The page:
Tuesday, January 5, 2016

To boldly go...

Star Trek Original Series Intro (HQ)

Damn, they made some great TV shows when I was a kid! Star Trek not only entertained us, it educated, inspired, and supported and guided us in
forming our understandings and attitudes about life and what we should do in and with it! No small feat for a low budget science fiction space drama! ...
WIKIPEDIA: "Star Trek is an American science fiction entertainment franchise created by Gene Roddenberry and owned by CBS and Paramount PicturesThe first series, now referred to as The Original Series, debuted in 1966 and ran for three seasons on NBC. It followed the interstellar adventures of James T. Kirk and the crew of the starship Enterprise, an exploration vessel of a 23rd-century interstellar "United Federation of Planets".... While its contemporaries,  show offerings like Perry Mason, Gunsmoke, and The Fugitive affected us and reinforced mainstream beliefs and values, Star Trek laid some new ground, as well. Hey, after all, as the voice over in this Intro clip states, it's mission was "... to explore strange new worlds, to seek out new life and new civilizations, to boldly go where no man has gone before!" and ironically, not only was that the writer's stated mission of the Starship Enterprise, the vessel carrying Kirk and Spock and Uhuru and the other very appealing players in this space drama, but it turned out to be the de facto mission of this series of shows, as well.

There was so much to love about this show, Spock's Vulcan logic-driven way of being, Kirk's resolve to face the unknown fearlessly, and Dr. McCoy's (Bones') resourcefulness in curing unknown and unthinkable threats to the crew's health, for instance. One thing that Impressed me (and I was still in high school when this show came out) was that in the other popular shows of the day, Mannix or Daniel Boone, for instance, it was always easy to tell the bad guys from the good guys and what the good guys should do about what the bad guys did. Watching Star Trek, though, one often had to wrestle with more challenging, loftier questions like "What is a Good Guy?" and "Who, in this episode, is the Good Guy and why?" Actually, it called on you to go even deeper, sometimes having to ponder "What is Good?and What is Bad?"

Hah, THAT was the apex of the show's plot trajectory; neither Kirk nor Spock nor McCoy was always sure of what to do, because life isn't that simple, not that black and white,  and one sometimes has to 'excruciate' over what the smart thing, the right thing to do is. Often these space heroes didn't have the wisdom to puzzle this out on their own, although they did have the courage to admit that to themselves and one another. Instead, they had to refer to their moral compass, which in this case was "The Prime Directive"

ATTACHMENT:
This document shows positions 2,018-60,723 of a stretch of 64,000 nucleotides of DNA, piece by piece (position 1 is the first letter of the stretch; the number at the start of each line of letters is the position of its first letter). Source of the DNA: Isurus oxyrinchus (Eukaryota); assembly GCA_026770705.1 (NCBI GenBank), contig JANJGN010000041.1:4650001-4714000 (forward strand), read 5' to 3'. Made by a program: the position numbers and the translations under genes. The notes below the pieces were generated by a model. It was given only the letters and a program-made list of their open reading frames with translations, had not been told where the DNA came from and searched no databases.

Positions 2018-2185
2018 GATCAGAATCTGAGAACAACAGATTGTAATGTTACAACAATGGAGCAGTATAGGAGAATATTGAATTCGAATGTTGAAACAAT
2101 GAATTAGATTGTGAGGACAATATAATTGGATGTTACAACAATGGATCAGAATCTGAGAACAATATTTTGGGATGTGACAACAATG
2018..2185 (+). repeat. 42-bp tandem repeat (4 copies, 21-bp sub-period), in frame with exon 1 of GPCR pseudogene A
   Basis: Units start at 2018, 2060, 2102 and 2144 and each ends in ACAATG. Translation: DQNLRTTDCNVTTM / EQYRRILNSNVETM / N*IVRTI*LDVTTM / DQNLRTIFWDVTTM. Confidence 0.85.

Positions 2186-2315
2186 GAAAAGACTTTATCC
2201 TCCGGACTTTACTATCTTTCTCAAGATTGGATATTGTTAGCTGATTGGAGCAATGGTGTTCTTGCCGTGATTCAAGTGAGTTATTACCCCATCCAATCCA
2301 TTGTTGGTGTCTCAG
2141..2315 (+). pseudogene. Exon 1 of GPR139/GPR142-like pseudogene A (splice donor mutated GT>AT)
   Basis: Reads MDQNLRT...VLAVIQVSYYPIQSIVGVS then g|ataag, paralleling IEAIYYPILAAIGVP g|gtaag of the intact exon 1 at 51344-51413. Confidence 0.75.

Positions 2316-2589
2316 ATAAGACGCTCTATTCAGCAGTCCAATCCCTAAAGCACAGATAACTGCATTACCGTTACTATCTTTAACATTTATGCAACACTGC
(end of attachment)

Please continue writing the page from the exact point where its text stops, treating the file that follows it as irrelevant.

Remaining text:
the guiding principle of the United Federation of Planets, which prohibits Starfleet personnel from interfering with the internal development of alien civilizations. In referring to this instead of simply reaching for their phasers (23rd Century handguns) and simply bulldozing their way through a conflict to a quick and easy resolution of whatever the situation of the moment was, we kids had modeled for us a truly rare phenomenon, something called CIVILIZED BEHAVIOR... and Kirk and Spock were engaging in and relying on this in between News shows playing footage of the Vietnam War. Those were some interesting days to come of age in.  


  1. I think the main thing is that they tempered even Kirk, their action with 21st century critical thinking (although the show was 20th Century) problem solving, alternative approaches and interventions. They were engaged in an ongoing mission to preserve and not to destroy various civilizations. In the 23rd Century they seemed to reflect or anticipate (since it was shot in the late 20th century) culturally resonant multicultural education, multiple intelligence approaches including intrapersonal and interpersonal and a respect ironically for argument tempered by emotion and collaboration and collegiality. They went where no one in television (thank you Gene Roddenbery) had gone before and through a portal into 21st Century skills, strategies and protocols. Andy Weir's Martian hero would have loved being on the captain's deck and done well in Star Fleet Academy as would we all. Mr. Trump might not make it there :( :( Still this show can be used as a digital 21st Century Civics and Political training tool. Energize, Engage!!

  2. Well said, Dr. Rose! I am a long term professional educator, and although this blog is not about Education, per se, clearly, my choice of items to reflect on here shows up anyway as things that represent and support good education. Star Trek (the original series, as well as the spin-offs)was,and in its fresh incarnation as YouTube videos, still is, a very powerful, very valuable instructional resource - a free one, at that! Your explanations about how and why this is so, made by citing proven and accepted professional approaches and theories is spot on... and, as Spock surely would say... "Fascinating!"